The model I have called Molecule comes from the Bible and some of the expressions and movements that draw partial inspiration from it (communitarianism, socialism). In high school chemistry we used styrofoam balls and pipe cleaners to make models of molecules. Yes, I know this dates me! The balls represented the elements of the molecule and the pipe cleaners the relations and connections between them. Thus, human beings are necessarily related to each other and incomplete without one another. We could say that human beings are their relationships. We are bound together, all of us, into one large organic whole. We discover what we today call individuality only in the context of these necessary relationships, never by individual “self-discovery” as we call it today but only through the organic-interrelatedness for the community for which we were created.
Churches malnourished on the Billiard Ball model will always see life and issues as individually-focused and resolved. Individual change is the answer to these dilemmas. If only everyone would get a “changed heart” and commit themselves to personal responsibility and had work things would work themselves out. Thus they support only changes and programs built on such assumptions and disparage the rest (usually as a “victim mentality,” or “big government,” or invasion of privacy or property” or the like). The forces and dynamics that arise (or perhaps also structure) in our life together and take on an extra-human power (what the Bible calls “the Powers” and sociologists things like “mob rule” where people find themselves doing as and with a group things they would not countenance doing as an individual) are denied or neglected.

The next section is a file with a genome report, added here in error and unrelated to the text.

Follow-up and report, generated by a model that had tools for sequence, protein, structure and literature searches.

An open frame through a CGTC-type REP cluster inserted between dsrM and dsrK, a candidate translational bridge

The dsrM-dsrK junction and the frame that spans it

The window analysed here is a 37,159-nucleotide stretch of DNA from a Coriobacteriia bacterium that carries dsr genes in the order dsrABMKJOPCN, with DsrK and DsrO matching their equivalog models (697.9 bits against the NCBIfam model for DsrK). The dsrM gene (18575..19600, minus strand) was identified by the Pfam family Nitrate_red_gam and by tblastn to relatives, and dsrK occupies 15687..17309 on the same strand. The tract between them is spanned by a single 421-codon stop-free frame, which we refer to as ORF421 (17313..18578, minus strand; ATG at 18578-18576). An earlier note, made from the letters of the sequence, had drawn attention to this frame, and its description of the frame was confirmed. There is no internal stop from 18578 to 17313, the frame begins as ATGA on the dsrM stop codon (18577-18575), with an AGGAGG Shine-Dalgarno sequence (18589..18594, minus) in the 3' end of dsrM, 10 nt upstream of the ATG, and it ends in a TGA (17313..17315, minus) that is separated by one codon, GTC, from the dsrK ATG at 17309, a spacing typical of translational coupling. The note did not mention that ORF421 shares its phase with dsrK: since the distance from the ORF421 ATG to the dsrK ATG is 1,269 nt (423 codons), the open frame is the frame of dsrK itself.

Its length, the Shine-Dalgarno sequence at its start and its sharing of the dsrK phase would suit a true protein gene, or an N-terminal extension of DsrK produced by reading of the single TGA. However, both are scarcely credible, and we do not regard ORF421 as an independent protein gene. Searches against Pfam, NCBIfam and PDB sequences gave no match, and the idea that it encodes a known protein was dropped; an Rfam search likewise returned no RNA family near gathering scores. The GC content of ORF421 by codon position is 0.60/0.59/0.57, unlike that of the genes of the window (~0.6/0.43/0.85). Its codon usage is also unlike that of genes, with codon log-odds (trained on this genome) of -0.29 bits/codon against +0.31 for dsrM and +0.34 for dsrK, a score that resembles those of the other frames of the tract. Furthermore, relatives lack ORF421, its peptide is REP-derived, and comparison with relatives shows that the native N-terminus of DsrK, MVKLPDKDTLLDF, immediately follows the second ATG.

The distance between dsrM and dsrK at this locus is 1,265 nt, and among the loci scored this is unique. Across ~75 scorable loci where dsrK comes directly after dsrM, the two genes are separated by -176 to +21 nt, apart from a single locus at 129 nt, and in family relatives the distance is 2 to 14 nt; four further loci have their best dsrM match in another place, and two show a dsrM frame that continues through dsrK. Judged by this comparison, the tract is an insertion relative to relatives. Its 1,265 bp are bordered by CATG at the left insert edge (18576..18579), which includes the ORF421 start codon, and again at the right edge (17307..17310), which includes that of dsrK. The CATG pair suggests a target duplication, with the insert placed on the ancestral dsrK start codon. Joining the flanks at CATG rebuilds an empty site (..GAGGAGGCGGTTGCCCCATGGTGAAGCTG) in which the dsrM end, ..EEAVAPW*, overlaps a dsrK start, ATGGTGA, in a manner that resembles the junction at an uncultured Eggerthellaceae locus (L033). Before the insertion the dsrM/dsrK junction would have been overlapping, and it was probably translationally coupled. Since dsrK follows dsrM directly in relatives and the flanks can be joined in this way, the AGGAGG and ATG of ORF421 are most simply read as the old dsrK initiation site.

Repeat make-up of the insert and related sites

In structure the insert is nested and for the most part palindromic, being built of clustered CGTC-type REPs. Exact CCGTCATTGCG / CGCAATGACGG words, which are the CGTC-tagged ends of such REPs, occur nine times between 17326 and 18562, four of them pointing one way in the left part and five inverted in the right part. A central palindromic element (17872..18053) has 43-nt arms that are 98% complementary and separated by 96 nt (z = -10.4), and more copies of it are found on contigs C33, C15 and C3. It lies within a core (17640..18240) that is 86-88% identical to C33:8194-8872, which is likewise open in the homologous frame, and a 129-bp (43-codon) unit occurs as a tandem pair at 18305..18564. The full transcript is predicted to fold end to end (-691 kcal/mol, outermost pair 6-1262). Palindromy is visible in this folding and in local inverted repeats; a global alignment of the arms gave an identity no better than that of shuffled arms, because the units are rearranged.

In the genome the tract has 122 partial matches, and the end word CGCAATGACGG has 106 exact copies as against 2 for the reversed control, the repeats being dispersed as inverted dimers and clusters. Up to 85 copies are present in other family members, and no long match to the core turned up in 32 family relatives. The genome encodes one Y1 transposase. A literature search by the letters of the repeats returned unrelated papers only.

These Christians believe that meeting humanity’s deepest need, hearing the Gospel of God’s love in the form of evangelism, is what they are called by God to do. An individual’s salvation is the most important matter in his or her lives. Thus communicating the ideas that tell of this love (The Four Spiritual Laws) is what the church is to primarily care about. Not they don’t care about others, the poor, the needy, etc. This group of Christians out gives the other group to charitable and caring outreaches and ministries by a good measure! As I said above, this part of the biblical message has been heard and acted on by these folks (but within the parameters of their governing assumptions about what it means to be human – Billiard Balls)